Bram Stoker’s immortal DRACULA told us about Count Dracula as an undead vampire. But how did this come to be? Who was Dracula in real life? There has always been speculation, but THE DRACULA PAPERS now offers the ultimate answer. It takes us back to the year 1576, to the wild land of Transylvania and to the early life of Prince Vladimir who came to be the horror known as Dracula. The result is a story as remarkable and extraordinary as the Bram Stoker classic. Battles, intrigues, sorcery, sexual passion, hauntings, a mechanical tortoise and a burning rhinoceros all have their part to play in a thrilling narrative that nevertheless plunges deep into the mystery of Evil.
To begin with, I must confess I’ve never read the original Dracula by Bram Stoker. I did see the movie with Keanu Reeves and Gary Oldman, but that is generally the extent of my familiarity with Dracula. Vampires are less of an unknown quantity thanks to Buffy and Angel, but still, I’m hardly an expert. So when I was approached to review The Dracula Papers I was intrigued. Especially since the story seemed to have a bit of a historical fiction flavour.
Don’t be mistaken though, this is not an historical novel describing the early years of Vlad the Impaler. Instead it is a highly imaginative re-telling of the Dracula myth or rather of Dracula’s genesis. Various historical figures are mentioned, Vlad himself, his fictional mother Eupraxia of Saxony, the Grand Vizier Sokolly, Emperor Murad, but they aren’t all from the time the novel is set in. In truth, only Sokolly and Emperor Murad lived in that time, the others were all from a different age. Through the introduction and the afterword the author places himself within the story, lending another hint of veracity to a totally fictional tale.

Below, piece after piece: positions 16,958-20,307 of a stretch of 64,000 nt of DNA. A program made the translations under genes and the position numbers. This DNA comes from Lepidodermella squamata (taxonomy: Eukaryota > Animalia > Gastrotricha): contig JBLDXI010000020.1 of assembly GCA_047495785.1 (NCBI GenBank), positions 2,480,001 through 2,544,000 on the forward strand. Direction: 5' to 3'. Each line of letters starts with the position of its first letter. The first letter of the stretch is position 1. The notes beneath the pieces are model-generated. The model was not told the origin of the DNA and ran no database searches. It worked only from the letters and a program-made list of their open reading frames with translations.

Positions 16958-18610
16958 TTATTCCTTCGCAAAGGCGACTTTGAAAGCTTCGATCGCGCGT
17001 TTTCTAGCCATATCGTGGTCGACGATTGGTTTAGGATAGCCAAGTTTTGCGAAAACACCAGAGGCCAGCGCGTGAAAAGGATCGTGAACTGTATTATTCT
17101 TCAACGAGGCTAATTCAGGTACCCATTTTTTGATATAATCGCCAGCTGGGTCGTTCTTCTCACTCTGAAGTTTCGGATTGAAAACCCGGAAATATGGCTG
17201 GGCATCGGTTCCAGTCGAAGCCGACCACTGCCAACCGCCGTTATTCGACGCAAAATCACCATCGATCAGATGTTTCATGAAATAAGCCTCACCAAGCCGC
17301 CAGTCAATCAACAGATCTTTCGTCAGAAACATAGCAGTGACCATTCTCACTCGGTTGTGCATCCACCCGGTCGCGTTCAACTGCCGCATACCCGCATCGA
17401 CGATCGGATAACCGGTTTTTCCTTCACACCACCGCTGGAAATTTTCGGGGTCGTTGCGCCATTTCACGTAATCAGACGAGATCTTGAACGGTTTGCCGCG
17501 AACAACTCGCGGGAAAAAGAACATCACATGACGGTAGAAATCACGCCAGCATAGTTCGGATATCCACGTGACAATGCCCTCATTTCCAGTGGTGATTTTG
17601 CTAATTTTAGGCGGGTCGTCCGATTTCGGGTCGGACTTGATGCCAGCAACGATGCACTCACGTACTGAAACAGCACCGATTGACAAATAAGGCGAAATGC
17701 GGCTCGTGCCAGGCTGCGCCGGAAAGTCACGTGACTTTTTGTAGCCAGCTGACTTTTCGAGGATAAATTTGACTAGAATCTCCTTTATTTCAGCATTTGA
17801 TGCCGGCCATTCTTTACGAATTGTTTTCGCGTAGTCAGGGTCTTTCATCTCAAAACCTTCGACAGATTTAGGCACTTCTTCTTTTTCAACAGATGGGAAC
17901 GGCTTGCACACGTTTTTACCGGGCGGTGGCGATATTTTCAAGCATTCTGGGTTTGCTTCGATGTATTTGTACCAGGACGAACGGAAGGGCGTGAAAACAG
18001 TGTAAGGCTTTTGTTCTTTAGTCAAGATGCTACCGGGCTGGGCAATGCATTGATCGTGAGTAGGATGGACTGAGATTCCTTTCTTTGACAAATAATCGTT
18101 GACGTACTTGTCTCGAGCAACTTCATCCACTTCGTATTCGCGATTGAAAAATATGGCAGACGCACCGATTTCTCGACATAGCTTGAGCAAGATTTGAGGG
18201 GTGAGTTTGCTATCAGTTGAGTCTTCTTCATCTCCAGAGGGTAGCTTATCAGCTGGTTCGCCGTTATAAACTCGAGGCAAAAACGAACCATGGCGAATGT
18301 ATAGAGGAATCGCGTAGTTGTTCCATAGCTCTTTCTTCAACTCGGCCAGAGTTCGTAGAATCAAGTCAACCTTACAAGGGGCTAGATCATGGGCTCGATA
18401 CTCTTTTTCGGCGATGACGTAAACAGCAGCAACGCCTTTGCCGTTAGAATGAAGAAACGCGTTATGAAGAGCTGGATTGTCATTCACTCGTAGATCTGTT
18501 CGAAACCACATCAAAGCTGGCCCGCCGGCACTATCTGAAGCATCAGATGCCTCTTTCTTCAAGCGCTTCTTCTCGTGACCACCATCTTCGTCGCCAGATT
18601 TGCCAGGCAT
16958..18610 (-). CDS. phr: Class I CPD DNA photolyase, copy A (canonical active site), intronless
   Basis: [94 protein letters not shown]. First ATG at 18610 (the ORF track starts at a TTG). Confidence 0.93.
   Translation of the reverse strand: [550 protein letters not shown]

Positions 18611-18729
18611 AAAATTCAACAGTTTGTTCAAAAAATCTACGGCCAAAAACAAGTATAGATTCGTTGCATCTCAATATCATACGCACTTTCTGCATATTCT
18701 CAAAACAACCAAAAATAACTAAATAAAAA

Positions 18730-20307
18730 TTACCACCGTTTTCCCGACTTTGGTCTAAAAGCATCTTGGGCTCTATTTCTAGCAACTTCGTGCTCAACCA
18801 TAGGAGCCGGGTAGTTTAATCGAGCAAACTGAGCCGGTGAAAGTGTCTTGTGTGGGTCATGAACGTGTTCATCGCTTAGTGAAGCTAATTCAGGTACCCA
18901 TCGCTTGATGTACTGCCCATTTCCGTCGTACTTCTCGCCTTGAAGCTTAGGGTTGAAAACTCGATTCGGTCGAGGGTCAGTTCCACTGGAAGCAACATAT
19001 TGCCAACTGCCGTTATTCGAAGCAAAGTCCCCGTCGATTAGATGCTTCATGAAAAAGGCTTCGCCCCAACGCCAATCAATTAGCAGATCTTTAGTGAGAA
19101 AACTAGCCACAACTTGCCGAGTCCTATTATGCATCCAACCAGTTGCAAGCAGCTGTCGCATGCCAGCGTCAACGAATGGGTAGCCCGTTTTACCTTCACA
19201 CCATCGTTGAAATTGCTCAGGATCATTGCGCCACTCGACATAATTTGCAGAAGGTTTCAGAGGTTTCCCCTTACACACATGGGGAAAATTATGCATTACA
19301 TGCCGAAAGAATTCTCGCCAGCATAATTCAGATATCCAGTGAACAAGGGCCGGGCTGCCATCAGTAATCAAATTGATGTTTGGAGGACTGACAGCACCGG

The story is a confessional, written by Martin Bellorius. In it he tells the story of his time as tutor to the two sons of the king of Transylvania, the princes Mircea and Vladimir. There are elements of folktales and mysticism in the story, such as the encounter with the giants on the way to Transylvania, the meeting with Issachar, the Wandering Jew, and the meditation rooms where they find Emperor Rudolph. These adventures, which Bellorius, his servant Razendoringer and Matthew Verney all suffer on their journey to Castle Dracula, seem rather happen stance at the time, but are all woven back into the narrative later.
Overall the book was a smooth read, though not always very fast-paced. In places it was jarring, however, due to some strange transitions, such as the passage where Sokolly takes the castle and the narrative suddenly switches to present tense. It truly took me out of the story, trying to figure out why it had been written that way, which was a shame as it was an important scene in the narrative. Another passage which puzzled me was the Queen’s letter. It seemingly went off on a complete tangent, though in fact it is very important to Vlad’s story. But the first five or six pages the letter only served to confuse me and I just wanted to get back to the main storyline.
It’s a puzzling story, as it’s hard to categorize. In any case, I liked it and it kept me reading. At points it was spooky – Bellorius’ exploration of the Old Queen’s Apartments comes to mind – hilarious and engaging. I’m curious to see what happens next on the way of Vlad’s transformation into Dracula. In his Afterword, Van Helsing tells the reader that there are three more packets of paper, which translates to three more books in this series. So Vlad has a ways to go yet, before he becomes the Dracula everyone knows and loves. The Dracula Papers Book I: The Scholar’s Tale is published by Chomu Press and will be for sale January 19th.
I received this book for review from the publisher